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Creation of the School of Forestry and Conservation came after the Regents offered Sam Dana the chair of the Department of Forestry in LS&A, in the spring on 1926.  Dana refused unless they converted the department into a School of Forestry and Conservation.  The regents did so, and hired Dana as its first Dean.  One item of significance in this is that Dana's request for a School of Forestry and Conservation was the first time in the history of the U.S. that those two terms (Forestry and Conservation) had ever been linked.  Dana was Head of the Forest Service Experiment Station at Upper Darby Pennsylvania at the time.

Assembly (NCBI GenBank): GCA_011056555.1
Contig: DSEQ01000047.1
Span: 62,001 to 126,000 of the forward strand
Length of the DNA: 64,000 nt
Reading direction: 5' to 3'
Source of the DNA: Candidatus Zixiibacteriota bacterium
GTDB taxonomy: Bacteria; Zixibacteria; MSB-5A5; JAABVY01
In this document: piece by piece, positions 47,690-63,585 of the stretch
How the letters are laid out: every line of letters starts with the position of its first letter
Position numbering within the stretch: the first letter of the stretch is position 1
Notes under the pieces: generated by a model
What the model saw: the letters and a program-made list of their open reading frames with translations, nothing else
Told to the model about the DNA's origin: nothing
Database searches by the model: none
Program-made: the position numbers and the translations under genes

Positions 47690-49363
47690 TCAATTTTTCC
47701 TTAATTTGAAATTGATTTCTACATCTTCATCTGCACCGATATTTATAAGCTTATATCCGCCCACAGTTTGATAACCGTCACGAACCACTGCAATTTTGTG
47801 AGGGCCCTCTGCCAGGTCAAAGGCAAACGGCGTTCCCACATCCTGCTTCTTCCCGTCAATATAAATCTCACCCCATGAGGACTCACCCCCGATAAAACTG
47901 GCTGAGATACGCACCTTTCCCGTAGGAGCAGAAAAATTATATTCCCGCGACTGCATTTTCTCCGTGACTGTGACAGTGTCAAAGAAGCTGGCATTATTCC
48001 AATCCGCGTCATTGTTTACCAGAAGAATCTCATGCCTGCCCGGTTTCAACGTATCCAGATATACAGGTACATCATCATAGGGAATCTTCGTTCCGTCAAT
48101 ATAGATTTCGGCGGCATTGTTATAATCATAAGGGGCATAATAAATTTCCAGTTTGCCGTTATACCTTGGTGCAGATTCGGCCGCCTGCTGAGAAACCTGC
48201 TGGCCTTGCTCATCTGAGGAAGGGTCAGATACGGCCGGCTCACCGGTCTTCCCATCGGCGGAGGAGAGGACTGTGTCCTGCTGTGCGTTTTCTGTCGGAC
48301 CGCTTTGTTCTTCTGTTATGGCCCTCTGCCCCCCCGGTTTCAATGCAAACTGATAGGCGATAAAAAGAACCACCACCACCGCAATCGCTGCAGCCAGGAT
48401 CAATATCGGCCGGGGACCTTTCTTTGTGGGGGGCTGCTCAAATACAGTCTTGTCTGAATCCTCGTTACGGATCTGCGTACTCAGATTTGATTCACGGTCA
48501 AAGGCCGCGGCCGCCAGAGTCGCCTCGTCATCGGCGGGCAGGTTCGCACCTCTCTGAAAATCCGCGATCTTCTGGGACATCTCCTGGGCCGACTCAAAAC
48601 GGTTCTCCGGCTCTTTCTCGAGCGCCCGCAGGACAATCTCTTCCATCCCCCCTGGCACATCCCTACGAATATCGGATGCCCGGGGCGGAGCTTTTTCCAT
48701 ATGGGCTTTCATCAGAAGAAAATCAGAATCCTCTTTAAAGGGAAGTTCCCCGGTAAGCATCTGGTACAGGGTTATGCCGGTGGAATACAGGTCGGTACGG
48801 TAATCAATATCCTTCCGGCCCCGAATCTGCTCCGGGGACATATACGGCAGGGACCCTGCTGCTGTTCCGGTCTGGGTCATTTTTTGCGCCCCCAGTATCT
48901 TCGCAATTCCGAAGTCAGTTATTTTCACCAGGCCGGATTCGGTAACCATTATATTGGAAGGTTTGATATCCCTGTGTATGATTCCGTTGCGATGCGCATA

At the Commencement Ceremony, it was customary for Dean's to ask the graduates of their unit to stand and be recognized.  When Dean Dana did this (in 1934), no one stood up.  Rather than being embarrassed, Dean Dana calmly turned to the President and said, "I'm sorry Mr. President, but all of our graduates are employed."  There was a moment of silence, and then the guests erupted in applause.  

The University of Michigan

School of Forestry & Conservation